Created | Updated Dec 13, 2011
'Name a dangerous creature'
Ask a European child this question and the answer you get will probably feature claws, teeth, whiskers and either stripes or a shaggy mane. Ask an African child, and the answer might well be surprising, since the deadliness of the creature in question may well seem out of all proportion to its size. This animal, the mosquito, is the world's worst spreader of blood-borne diseases. The most undoubtedly pernicious of these diseases originates from transmission of, and subsequent infection by, a protozoan parasite, Plasmodium that lurks in the salivary glands of the mosquito.
Plasmodium is the sole cause of malaria, a disease, which by latest estimates will bring misery to between four and five hundred million people this year. Of these, it will kill about a million1, mostly children under five. By the time you have finished this Entry, between 20 and 30 children will have died from malaria, and that's just in Africa2 Unlike many contagious diseases, malaria shows no signs of dying out. If anything, the disease is on the increase as the virulent parasite develops resistance to an expanding range of drugs.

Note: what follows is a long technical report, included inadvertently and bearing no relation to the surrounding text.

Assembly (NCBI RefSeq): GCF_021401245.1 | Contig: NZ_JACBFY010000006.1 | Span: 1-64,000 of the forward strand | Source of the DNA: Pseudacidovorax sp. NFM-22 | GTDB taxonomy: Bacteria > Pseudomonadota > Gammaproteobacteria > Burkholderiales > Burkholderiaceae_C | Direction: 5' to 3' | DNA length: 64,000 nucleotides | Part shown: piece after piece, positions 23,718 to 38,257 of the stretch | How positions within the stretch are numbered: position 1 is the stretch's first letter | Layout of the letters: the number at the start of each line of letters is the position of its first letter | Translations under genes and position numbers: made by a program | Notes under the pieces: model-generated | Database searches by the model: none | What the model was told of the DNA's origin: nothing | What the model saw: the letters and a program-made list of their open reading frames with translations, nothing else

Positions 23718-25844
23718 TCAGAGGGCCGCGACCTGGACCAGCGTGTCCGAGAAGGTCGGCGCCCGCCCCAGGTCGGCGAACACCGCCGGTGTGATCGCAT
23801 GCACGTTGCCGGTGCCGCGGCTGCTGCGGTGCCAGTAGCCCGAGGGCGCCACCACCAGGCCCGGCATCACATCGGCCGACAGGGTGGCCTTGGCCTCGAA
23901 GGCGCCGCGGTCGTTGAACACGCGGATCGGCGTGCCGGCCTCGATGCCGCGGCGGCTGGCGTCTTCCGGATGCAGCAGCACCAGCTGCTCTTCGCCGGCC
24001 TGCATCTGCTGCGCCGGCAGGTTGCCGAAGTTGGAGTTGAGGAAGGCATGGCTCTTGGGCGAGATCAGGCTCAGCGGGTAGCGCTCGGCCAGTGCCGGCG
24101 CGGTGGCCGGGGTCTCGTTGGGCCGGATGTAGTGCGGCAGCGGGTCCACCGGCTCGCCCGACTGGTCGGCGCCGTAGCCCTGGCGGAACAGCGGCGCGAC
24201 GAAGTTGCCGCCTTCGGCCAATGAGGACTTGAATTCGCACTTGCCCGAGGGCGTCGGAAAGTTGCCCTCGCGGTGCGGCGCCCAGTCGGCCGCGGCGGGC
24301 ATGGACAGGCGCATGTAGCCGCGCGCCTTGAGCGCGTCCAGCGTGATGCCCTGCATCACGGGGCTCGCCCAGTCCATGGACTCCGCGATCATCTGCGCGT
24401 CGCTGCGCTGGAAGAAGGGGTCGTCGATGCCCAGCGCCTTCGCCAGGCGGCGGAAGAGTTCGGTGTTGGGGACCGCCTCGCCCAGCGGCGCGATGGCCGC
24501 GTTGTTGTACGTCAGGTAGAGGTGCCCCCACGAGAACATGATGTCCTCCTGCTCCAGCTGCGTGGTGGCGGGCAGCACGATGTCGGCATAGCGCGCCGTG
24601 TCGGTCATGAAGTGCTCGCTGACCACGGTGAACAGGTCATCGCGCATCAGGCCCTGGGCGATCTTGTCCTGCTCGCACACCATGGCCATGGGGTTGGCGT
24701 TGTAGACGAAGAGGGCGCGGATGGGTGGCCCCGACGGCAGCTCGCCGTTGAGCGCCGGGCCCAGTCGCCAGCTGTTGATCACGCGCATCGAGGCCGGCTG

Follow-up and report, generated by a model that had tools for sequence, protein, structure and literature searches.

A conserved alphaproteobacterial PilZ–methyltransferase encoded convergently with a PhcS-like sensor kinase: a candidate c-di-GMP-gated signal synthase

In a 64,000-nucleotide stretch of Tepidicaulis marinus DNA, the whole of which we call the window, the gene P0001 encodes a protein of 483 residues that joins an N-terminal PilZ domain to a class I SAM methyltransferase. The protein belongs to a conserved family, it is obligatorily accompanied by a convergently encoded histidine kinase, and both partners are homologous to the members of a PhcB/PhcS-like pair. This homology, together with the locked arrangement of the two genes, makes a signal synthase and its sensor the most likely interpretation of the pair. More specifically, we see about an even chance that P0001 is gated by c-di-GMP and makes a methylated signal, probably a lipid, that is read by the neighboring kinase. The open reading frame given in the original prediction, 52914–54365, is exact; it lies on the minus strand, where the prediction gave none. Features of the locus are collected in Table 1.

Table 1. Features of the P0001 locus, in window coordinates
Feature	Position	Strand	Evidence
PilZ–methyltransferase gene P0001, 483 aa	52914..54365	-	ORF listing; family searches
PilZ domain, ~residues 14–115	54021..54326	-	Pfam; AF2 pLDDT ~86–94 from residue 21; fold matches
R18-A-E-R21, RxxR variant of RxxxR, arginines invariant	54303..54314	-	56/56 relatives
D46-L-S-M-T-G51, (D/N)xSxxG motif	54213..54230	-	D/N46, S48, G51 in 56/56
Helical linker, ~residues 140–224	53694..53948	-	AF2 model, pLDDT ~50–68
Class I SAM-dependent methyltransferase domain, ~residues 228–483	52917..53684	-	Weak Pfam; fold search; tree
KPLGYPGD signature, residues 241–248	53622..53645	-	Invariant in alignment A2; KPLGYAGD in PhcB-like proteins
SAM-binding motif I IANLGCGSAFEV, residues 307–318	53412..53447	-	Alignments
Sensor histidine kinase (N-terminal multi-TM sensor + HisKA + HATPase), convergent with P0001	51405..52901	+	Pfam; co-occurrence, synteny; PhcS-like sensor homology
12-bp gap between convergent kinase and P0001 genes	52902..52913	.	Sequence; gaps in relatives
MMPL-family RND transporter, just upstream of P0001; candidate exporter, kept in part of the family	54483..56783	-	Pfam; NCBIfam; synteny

Compared with the (successful) wars waged against smallpox and now polio, the skirmishes with malaria are being fought on a large number of fronts with all-too-few resources and, unsurprisingly, few significant and lasting victories. Despite the lack of prominence given to it compared to, say, AIDS, malaria is an extensive and growing threat and its total eradication is viewed as near impossible. It is nevertheless both treatable and preventable.
Know Thine Enemy - the Malarial Parasite